- Jennifer Barredo, PhD
- Amanda Arulpragasam, PhD
We are incredibly grateful for support from Emily Aiken, MA and Christiana Faucher, BS, who assist with day-to-day implementation.
Our internal and external collaborators for the NIMH grant include:
- Taylor Kuhn, PhD, clinical neuropsychologist (University of California Los Angeles)
- Nathan McDannold, PhD, MR physicist (Harvard University/Brigham and Women’s Hospital)
- Edward Walsh, PhD, MR physicist (Brown University)
- Israel Liberzon, MD, psychiatrist and behavioral scientist (Texas A&M College of Medicine)
- Stephen Correia, PhD, neuropsychologist at Butler Hospital (Brown University)
How many patients have you treated?
The NIMH clinical study grant has provided our first patient treatments. The treatment parameters were determined by a series of published settings that have a suppressive affect. We are using the BrainSonix single element pulsed system with MR guidance for neuromodulation. We have completed the first three patients as of February 2022, and the work is ongoing.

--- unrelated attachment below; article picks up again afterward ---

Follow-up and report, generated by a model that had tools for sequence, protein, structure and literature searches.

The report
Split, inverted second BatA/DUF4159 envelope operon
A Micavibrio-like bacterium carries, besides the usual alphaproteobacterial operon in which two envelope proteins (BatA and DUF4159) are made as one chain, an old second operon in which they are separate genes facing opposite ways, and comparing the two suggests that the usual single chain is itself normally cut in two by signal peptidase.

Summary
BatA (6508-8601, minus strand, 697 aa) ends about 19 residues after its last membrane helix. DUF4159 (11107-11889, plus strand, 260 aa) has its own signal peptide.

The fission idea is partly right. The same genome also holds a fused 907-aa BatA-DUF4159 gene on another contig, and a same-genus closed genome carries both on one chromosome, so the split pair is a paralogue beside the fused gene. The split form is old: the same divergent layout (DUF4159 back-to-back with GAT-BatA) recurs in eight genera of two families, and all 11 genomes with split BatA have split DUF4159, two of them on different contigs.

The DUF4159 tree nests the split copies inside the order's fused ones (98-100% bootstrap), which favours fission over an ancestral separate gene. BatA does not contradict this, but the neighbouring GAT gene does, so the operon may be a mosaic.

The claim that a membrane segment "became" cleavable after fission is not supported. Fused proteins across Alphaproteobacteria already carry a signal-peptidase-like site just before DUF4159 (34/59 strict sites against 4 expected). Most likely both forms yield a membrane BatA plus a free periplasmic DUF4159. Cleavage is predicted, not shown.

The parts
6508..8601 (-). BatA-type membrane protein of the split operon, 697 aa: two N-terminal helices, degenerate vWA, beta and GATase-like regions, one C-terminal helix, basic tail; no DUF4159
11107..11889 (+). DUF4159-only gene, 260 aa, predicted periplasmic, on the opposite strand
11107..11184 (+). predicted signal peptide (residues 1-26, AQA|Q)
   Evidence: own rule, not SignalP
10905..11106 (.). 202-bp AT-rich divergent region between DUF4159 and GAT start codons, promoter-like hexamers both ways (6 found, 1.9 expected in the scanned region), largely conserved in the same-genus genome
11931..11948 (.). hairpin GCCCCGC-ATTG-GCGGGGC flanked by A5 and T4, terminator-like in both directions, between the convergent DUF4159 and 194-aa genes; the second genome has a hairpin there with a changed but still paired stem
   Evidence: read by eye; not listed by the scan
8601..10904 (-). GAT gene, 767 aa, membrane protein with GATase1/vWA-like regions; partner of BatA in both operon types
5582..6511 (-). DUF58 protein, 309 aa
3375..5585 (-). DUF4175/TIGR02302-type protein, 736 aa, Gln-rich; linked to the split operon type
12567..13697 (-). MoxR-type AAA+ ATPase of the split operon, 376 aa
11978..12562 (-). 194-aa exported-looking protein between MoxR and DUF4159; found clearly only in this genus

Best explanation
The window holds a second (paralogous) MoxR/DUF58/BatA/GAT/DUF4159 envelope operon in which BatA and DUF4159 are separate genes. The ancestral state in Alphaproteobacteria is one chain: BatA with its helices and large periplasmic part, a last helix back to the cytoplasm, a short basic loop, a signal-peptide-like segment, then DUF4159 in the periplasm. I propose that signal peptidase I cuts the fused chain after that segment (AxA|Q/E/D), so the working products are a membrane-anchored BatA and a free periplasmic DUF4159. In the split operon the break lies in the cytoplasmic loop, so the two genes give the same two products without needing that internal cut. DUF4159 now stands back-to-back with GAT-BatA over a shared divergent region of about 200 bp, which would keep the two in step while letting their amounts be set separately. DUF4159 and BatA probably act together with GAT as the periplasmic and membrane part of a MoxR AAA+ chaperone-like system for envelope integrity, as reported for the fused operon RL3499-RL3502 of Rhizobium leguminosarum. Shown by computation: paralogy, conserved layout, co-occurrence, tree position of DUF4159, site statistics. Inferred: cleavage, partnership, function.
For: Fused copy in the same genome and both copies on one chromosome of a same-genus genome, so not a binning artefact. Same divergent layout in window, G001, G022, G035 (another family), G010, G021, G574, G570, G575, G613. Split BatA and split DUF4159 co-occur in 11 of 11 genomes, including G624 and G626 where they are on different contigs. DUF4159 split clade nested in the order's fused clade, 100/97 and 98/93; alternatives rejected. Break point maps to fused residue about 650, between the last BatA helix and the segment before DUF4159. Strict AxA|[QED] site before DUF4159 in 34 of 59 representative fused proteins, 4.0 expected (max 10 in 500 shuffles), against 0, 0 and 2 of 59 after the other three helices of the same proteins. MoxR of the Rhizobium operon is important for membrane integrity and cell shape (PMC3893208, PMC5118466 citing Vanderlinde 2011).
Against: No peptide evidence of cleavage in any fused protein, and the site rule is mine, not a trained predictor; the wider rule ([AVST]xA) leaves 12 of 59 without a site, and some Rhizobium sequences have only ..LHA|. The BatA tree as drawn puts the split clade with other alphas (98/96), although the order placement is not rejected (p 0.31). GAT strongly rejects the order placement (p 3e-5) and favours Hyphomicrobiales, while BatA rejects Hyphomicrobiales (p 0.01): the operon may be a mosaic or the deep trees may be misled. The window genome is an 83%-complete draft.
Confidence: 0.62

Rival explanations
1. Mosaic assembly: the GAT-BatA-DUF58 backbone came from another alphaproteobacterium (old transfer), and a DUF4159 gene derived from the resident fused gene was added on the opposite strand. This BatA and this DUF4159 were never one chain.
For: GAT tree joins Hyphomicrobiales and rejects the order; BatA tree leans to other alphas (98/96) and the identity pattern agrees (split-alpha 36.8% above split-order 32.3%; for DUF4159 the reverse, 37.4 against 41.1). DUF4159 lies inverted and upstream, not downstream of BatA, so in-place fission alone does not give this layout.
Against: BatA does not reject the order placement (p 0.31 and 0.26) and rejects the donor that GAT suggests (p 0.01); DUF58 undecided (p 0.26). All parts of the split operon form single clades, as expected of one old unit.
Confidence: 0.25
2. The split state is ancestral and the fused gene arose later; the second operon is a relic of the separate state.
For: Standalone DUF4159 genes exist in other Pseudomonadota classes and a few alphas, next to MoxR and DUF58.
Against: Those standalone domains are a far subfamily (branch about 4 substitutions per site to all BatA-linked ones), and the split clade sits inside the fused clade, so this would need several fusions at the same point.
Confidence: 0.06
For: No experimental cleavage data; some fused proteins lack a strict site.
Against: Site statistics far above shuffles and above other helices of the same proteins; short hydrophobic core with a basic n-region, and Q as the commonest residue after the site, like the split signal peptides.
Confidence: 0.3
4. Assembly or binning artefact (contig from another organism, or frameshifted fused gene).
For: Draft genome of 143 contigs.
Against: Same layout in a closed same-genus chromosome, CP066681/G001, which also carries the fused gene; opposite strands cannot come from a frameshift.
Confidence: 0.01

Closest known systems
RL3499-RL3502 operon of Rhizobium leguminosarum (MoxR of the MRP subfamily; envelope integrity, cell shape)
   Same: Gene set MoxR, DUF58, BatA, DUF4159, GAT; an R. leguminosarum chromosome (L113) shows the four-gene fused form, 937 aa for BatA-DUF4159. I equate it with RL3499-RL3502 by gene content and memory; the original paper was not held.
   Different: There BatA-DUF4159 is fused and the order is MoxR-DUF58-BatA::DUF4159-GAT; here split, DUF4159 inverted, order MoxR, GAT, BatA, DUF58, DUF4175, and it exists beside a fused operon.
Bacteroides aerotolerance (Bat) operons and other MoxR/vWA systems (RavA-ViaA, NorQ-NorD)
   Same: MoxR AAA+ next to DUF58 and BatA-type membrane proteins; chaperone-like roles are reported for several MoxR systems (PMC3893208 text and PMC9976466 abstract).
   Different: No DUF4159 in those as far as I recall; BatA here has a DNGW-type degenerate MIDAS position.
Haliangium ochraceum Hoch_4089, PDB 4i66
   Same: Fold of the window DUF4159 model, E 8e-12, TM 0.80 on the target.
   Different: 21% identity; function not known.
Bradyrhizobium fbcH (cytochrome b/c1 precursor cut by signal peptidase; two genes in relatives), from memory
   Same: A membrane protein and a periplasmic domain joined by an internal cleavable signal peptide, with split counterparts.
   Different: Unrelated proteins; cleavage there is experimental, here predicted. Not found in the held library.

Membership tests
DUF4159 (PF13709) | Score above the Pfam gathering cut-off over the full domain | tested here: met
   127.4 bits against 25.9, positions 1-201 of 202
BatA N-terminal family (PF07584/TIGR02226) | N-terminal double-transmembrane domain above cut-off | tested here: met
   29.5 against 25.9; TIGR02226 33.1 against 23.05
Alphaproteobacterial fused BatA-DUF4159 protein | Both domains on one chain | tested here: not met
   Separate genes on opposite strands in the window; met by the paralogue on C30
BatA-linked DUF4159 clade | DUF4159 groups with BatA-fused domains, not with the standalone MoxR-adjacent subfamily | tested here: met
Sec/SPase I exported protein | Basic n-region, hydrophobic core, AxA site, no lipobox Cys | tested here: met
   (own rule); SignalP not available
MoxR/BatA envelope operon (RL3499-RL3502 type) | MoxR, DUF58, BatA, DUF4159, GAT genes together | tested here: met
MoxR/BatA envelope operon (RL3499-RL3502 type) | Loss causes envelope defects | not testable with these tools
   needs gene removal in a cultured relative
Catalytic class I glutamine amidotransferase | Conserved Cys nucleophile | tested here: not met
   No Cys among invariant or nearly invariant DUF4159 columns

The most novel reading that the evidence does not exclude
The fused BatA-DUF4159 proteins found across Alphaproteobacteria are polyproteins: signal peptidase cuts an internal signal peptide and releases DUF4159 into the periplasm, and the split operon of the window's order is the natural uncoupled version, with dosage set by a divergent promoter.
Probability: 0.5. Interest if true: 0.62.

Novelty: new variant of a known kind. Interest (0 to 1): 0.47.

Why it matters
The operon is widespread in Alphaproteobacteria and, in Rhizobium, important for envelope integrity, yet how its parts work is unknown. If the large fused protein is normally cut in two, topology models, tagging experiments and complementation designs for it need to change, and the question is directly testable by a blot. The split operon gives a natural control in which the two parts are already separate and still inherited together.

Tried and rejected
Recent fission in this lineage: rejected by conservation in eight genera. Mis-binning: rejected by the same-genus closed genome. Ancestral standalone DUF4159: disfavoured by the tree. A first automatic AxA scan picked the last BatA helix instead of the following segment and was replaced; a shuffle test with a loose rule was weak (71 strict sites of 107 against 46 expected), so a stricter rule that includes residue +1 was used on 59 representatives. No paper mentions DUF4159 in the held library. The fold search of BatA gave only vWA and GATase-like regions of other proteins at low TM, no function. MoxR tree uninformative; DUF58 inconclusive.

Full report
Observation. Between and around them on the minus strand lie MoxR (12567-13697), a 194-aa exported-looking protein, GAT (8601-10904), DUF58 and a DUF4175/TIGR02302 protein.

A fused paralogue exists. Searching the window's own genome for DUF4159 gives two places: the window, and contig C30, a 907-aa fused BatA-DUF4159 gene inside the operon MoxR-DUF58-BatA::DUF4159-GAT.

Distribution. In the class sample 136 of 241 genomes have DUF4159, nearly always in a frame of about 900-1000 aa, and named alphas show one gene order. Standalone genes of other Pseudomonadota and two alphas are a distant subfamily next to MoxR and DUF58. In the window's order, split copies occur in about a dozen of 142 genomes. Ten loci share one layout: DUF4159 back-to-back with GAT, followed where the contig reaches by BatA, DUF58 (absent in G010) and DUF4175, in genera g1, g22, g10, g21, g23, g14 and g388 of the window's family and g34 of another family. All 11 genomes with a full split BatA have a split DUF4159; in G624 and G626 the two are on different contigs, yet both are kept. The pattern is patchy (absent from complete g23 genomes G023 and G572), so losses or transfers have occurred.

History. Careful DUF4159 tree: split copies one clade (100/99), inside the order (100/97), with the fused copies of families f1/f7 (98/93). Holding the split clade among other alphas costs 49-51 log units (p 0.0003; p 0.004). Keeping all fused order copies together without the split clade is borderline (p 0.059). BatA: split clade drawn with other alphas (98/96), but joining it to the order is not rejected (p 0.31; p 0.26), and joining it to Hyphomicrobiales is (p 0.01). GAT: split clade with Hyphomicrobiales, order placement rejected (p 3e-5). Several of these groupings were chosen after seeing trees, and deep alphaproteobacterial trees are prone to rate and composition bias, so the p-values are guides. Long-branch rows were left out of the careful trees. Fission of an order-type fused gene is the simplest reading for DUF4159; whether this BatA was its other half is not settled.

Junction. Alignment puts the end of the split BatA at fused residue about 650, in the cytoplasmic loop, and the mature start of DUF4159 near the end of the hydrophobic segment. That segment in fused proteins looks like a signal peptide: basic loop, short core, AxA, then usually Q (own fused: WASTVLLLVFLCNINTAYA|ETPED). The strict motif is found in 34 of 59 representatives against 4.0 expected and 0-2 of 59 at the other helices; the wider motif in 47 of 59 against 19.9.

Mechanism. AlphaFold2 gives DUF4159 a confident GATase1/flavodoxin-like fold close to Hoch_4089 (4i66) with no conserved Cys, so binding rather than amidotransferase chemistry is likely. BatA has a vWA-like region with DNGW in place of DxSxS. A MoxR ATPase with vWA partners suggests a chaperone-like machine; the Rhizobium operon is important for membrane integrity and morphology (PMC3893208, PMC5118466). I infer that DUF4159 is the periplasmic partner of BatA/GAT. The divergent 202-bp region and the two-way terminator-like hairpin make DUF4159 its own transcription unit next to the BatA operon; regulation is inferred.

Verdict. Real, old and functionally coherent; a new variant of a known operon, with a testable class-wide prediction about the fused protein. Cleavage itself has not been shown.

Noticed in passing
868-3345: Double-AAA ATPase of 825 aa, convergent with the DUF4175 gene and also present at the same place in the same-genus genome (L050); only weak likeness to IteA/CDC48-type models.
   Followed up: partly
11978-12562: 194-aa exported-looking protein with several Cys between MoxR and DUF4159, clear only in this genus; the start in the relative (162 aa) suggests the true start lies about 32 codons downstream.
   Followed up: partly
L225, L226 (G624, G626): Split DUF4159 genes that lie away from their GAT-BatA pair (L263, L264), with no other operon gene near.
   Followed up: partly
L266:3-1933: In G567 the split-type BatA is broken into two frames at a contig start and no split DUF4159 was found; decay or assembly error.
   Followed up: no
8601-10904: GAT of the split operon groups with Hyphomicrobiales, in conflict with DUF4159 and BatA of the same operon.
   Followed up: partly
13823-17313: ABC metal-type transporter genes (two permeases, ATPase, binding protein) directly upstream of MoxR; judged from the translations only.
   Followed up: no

Do you have any preliminary clinical research highlights that you can share?
Our participants have been very generous with their time and thoughts. While it is too early to discuss preliminary data, we will let everyone know our results as they emerge.
What are your greatest achievements?
My greatest personal achievement is coparenting two young children with a professional woman during a pandemic. Professionally, my largest contribution is identifying how the brain changes biologically when patients move from illness to health.
Do you have any major disappointments?
I wish that mental health research was funded like cancer research. We are incredibly far behind other areas of medicine. Although depression is the number one cause of disability across the globe, it is not funded for research. Many people are suffering, and we could be moving so much faster.